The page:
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105. Let not my love be called idolatry

Let not my love be called idolatry,
Nor my beloved as an idol show,
Since all alike my songs and praises be
To one, of one, still such, and ever so.
Kind is my love to-day, to-morrow kind,
Still constant in a wondrous excellence;
Therefore my verse to constancy confined,
One thing expressing, leaves out difference.
Fair, kind, and true, is all my argument,
Fair, kind, and true, varying to other words;
And in this change is my invention spent,
Three themes in one, which wondrous scope affords.
   Fair, kind, and true, have often lived alone,
   Which three till now, never kept seat in one.


The nearly blasphemous relationship between the Holy Trinity of the Father, Son and Holy Ghost and the YM's Fair, Kind and True. 

Neo-Platonic reference: Beautiful, Good and Just. The Just, The Good and The Beautiful.

Reading historical context:

1. How the Early Church reconciled the Polytheistic implications of the Holy Trinity. 


"One God in three persons" 

Matthew 28:19King James Version (KJV)

19 Go ye therefore, and teach all nations, baptizing them in the name of the Father, and of the Son, and of the Holy Ghost

The first recorded use of this Greek word in Christian theology was by Theophilus of Antioch in about 170. He wrote:

In like manner also the three days which were before the luminaries, are types of the Trinity [Τριάδος], of God, and His Word, and His wisdom. And the fourth is the type of man, who needs light, that so there may be God, the Word, wisdom, man.

Tertullian, a Latin theologian who wrote in the early 3rd century, is credited as being the first to use the Latin words "Trinity", "person" and "substance" to explain that the Father, Son, and Holy Spirit are "one in essence—not one in Person"."

Council of Nicea, Council of Constantinople

The Athanasian Creed:

Whosoever will be saved, before all things it is necessary that he hold the catholic faith. Which faith except every one do keep whole and undefiled; without doubt he shall perish everlastingly. And the catholic faith is this: That we worship one God in Trinity, and Trinity in Unity; Neither confounding the Persons; nor dividing the Essence. 

2. Shakespeare's exposure to this

covert religious eductation

cultural context of Catholicism during Elizabeth's reign

Frank Kermode's Age of Shakespeare:

An age had ended when most people derived their religious knowledge not from printed books but from the imagery and symbolism of the wall paintings and stained glass of the churches, a huge non-literary context for the Catholic sacraments (immemorially seven, but now reduced by the theologians of Reformation to two).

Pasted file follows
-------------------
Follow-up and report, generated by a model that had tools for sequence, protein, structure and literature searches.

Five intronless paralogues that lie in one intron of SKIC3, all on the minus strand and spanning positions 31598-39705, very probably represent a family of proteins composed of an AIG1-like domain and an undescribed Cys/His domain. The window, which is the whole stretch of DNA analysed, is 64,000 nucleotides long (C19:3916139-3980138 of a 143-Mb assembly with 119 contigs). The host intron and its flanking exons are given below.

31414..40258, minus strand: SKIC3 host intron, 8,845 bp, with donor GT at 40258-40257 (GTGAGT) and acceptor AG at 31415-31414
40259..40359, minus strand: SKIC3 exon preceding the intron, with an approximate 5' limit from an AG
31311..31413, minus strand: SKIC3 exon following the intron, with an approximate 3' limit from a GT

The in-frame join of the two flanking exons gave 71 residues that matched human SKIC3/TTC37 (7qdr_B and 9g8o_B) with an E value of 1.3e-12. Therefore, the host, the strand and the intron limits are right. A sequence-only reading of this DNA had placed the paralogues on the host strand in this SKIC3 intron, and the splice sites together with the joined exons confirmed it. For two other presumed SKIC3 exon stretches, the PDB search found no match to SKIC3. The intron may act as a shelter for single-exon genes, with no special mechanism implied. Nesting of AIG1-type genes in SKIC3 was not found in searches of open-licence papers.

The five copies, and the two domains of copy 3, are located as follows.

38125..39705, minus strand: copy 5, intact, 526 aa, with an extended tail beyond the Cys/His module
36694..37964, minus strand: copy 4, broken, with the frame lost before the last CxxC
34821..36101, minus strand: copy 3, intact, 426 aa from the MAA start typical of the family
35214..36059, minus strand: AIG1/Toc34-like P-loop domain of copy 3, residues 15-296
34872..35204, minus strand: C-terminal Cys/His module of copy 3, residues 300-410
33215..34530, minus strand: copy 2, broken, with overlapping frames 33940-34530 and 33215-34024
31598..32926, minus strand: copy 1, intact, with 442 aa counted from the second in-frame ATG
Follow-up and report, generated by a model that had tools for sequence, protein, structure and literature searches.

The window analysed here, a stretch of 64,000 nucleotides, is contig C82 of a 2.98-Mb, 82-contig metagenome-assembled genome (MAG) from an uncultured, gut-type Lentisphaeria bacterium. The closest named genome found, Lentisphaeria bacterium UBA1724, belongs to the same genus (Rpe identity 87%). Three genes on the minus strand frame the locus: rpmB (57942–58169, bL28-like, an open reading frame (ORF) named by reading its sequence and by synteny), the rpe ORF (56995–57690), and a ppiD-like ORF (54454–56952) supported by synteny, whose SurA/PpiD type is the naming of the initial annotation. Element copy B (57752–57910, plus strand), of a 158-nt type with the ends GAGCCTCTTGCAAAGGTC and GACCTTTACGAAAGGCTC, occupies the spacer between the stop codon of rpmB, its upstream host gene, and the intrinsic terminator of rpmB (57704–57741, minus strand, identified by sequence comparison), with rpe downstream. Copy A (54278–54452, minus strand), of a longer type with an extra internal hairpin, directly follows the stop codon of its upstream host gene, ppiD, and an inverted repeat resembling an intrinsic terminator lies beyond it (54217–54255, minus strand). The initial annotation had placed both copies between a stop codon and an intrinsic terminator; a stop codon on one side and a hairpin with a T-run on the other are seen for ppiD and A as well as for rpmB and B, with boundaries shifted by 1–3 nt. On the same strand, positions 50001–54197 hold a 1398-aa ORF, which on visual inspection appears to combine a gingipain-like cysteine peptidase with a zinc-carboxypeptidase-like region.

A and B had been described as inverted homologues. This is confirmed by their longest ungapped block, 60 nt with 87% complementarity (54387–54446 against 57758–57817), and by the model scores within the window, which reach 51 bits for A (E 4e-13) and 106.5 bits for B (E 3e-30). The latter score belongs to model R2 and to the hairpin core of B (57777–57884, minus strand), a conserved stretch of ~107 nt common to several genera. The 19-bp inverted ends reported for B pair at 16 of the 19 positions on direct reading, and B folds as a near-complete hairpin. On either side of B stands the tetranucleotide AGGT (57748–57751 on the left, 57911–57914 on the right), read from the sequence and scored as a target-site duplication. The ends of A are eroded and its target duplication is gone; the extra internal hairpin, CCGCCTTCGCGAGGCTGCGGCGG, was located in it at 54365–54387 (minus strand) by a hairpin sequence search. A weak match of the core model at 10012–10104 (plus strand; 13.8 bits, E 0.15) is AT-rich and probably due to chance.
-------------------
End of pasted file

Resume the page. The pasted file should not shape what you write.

Kermode, Frank (2004-02-03). The Age of Shakespeare (Modern Library Chronicles Series Book 15) (Kindle Locations 161-163). Random House Publishing Group. Kindle Edition.  

[ The seven sacraments—Baptism, Confirmation, Holy Communion, Confession, Marriage, Holy Orders, and the Anointing of the Sick—are the life of the Catholic Church. Each sacrament is an outward sign of an inward grace. When we participate in them worthily, each provides us with graces—with the life of God in our soul. In worship, we give to God that which we owe Him; in the sacraments, He gives us the graces necessary to live a truly human life. - ]

This is in part the thesis of Eamon Duffy’s remarkable book The Stripping of the Altars: Traditional Religion in England c. 1400–1580 (1992). Duffy emphasizes the degree to which almost every aspect of daily life had been consonant with the liturgy, and the ways in which religious doctrine was taught—not only by pictures but by many liturgical acts not properly part of the Mass—instances of traditional piety, as when the episodes of the Passion were annually reenacted by the clergy but also, in dramas of their own devising, by the laity. For example, since St. John spoke of the parting of Christ’s garments, two linen cloths were removed from the altar at the appropriate moment. A sepulchre was prepared in which the Host was reverently laid—for of course the Host was literally corpus Christi, the body of Christ. And such enactments should be borne in mind when one reflects on the extraordinary persistence of quasi-dramatic traditions throughout the entire period before the professionals began, in the new world of the later sixteenth century, to absorb and secularize play-acting and translate it from these quiet devotional origins to the inns and theaters of London.

Kermode, Frank (2004-02-03). The Age of Shakespeare (Modern Library Chronicles Series Book 15) (Kindle Locations 167-175). Random House Publishing Group. Kindle Edition. 

Shakespeare’s father seems to have owned a copy of Borromeo’s Spiritual Testament, a guide for perplexed and oppressed Catholics.

Kermode, Frank (2004-02-03). The Age of Shakespeare (Modern Library Chronicles Series Book 15) (Kindle Locations 198-199). Random House Publishing Group. Kindle Edition. 

There were some, among them the poet John Donne, who hoped for a theological compromise, believing some move toward reunification might be possible, but the differences, for instance those concerning the doctrine of the Real Presence and the celibacy of the clergy, were too stubborn to be reasoned away.

Kermode, Frank (2004-02-03). The Age of Shakespeare (Modern Library Chronicles Series Book 15) (Kindle Locations 201-202). Random House Publishing Group. Kindle Edition. 

[ Doctrine of Real Presence: The real presence of Christ in the Eucharist is a term used in Christian theology to express the doctrine that Jesus is really or substantially present in the Eucharist, not merely symbolically or metaphorically. ]